Below the Speech from Gabi Rasthofer
‘Lost and Found’
When I was a little girl aged about 5, I wondered why the majority of other children around me had a father. I did not have a father and as the years passed by I sort of accepted this situation!
I was born in Lübeck in 1946 and had a wonderful childhood together with my mother, uncle, aunt, cousins and some other relatives.
But between the age of 16 and 18 I got curious. I found some documents in my mother’s desk indicating that she had corresponded with the protestant church. In fact she had told the church that she had a child – a daughter from a man in the allied army who had stayed in Germany between 1945 and 1946.
A meeting had been arranged between my father and the church. Unfortunately he denied ever having a German daughter!
I also found out where my father lived – a small town called Peabody near to Boston, USA. Finally I confronted my mother wishing to be totally informed about my origin!
The truth is that after the war (in 1945) my mother had been ordered to move from Berlin to a place called Hallein near Salzburg.
It was there I was created! Back to my roots! By the way I discovered in the internet that there were about 20.000 women in the same situation as my mother. Many of them were raped or had love affairs and were simply left to fend for themselves after the war.
My mother passed away in 1988. Just prior to her death we had had a long talk. I made a promise to her that I would only search for my father after her death. Actually my mother never married ……..because of me! She didn’t want to bring a new man into either of our lives.
I remained very curious and had a great idea which turned into a wonderful experience! As I was a Lufthansa flight attendant in Frankfurt, I was privileged to very cheap flights.
In order to round off the story……. I had at that time a very good German friend called Gloria who was married to an American and living in Atlanta. We both wanted to visit my father and having Gloria to support me in this undertaking was extremely helpful!
We agreed to meet in Boston. She arrived from Atlanta and I came in from Frankfurt. We rented a car and drove to the small town of Peabody. Sitting in the car looking at the little house in front of us, I started trembling. I was still full of doubts. My fearless friend Gloria went into the house and introduced me to my father as his long lost daughter from Germany!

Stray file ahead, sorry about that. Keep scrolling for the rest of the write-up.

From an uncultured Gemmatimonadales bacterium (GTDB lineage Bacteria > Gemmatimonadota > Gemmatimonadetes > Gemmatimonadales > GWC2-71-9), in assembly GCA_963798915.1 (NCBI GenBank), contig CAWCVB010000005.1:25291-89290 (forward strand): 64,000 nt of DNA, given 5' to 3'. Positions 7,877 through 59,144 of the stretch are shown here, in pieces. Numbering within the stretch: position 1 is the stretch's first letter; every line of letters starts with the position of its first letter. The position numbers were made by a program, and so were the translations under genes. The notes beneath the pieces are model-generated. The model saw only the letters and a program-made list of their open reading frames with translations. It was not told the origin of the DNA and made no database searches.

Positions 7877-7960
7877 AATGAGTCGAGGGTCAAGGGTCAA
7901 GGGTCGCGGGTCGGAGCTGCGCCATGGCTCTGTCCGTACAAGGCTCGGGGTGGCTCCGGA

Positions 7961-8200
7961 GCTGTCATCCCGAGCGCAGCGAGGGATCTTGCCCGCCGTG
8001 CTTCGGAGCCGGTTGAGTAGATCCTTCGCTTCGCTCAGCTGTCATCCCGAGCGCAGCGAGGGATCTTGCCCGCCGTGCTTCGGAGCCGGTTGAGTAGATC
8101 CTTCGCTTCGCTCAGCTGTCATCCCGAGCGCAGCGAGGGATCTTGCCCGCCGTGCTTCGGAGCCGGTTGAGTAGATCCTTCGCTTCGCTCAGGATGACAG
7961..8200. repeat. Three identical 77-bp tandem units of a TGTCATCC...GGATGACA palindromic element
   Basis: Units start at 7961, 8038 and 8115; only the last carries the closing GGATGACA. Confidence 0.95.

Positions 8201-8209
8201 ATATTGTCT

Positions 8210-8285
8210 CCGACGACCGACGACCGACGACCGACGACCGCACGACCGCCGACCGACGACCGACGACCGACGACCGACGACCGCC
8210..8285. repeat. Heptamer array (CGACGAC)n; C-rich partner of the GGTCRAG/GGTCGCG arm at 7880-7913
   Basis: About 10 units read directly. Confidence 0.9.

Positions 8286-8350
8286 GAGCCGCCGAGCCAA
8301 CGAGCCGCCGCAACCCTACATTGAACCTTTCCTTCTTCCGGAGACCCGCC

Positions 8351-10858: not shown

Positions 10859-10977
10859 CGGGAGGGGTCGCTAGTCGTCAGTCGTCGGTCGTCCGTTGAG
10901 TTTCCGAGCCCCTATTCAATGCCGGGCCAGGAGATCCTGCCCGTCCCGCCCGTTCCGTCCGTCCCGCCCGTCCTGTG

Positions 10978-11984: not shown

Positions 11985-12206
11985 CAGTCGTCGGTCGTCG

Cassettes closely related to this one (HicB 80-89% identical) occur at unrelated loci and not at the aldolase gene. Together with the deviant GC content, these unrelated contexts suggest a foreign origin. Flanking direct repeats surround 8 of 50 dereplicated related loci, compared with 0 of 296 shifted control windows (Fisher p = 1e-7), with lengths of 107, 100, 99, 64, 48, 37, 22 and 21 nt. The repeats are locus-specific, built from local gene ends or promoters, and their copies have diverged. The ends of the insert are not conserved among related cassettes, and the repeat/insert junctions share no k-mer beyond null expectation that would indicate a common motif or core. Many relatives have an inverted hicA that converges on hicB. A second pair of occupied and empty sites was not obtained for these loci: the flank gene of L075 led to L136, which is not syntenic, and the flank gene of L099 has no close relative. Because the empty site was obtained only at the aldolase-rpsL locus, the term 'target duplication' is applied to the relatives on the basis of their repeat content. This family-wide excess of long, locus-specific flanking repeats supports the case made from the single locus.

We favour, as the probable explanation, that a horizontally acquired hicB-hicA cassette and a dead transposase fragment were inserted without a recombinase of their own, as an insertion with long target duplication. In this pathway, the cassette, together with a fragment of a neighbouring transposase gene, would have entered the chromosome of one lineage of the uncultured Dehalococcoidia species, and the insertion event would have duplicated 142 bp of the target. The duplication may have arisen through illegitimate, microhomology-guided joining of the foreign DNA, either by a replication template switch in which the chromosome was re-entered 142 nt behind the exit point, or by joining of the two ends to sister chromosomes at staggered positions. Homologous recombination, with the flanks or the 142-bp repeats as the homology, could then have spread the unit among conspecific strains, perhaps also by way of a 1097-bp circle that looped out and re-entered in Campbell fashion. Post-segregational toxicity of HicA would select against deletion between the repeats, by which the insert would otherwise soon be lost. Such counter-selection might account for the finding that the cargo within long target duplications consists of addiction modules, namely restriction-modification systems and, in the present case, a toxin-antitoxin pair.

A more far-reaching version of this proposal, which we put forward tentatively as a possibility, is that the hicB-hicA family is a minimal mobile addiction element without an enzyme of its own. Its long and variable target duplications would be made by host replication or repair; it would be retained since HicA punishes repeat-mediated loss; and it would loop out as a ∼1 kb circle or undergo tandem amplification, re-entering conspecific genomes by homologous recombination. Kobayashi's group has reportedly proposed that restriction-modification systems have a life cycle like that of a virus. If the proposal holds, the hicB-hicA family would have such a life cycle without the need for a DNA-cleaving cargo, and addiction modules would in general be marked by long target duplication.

Finally I stood in front of him. At that time I was already 42. All this happened in the summer of 1988. With my reasonable English ability, we spoke to each other for some time. As Gloria and I left we both had tears in our eyes. My father invited me to return again to the US…..next time accompanied by my husband. My father had married for a second time and had 4 daughters from his first marriage. Suddenly I realised I now had 4 half-sisters! This made me very happy.
My father said he wanted to speak to his family about me first. I understood his situation very well. When I returned for the second time, I met his very large family. Initially my youngest sister could not come to terms with my sudden existence. But she changed her mind after some time had passed. Everyone was so kind and loving. You probably can imagine my feelings. Since that time there has been lots of correspondence especially with one of my sisters Elaine, her children and grand-children.
A year ago there was a panel discussion held at the Volkshochschule. The subject was ‘Wir Besatzungskinder’– a description applying to so many children. On this occasion I met many interesting people who shared the same upbringing. A lady from Berlin who had organised the meeting and a man a ‘Besatzungskind’ living in Österreich. We had long conversations which made me feel free and happy.
I must admit for a while in my life I somehow felt lost but eventually discovered my origin and found out that I belong to a wonderful American family!
‘Lost and Found’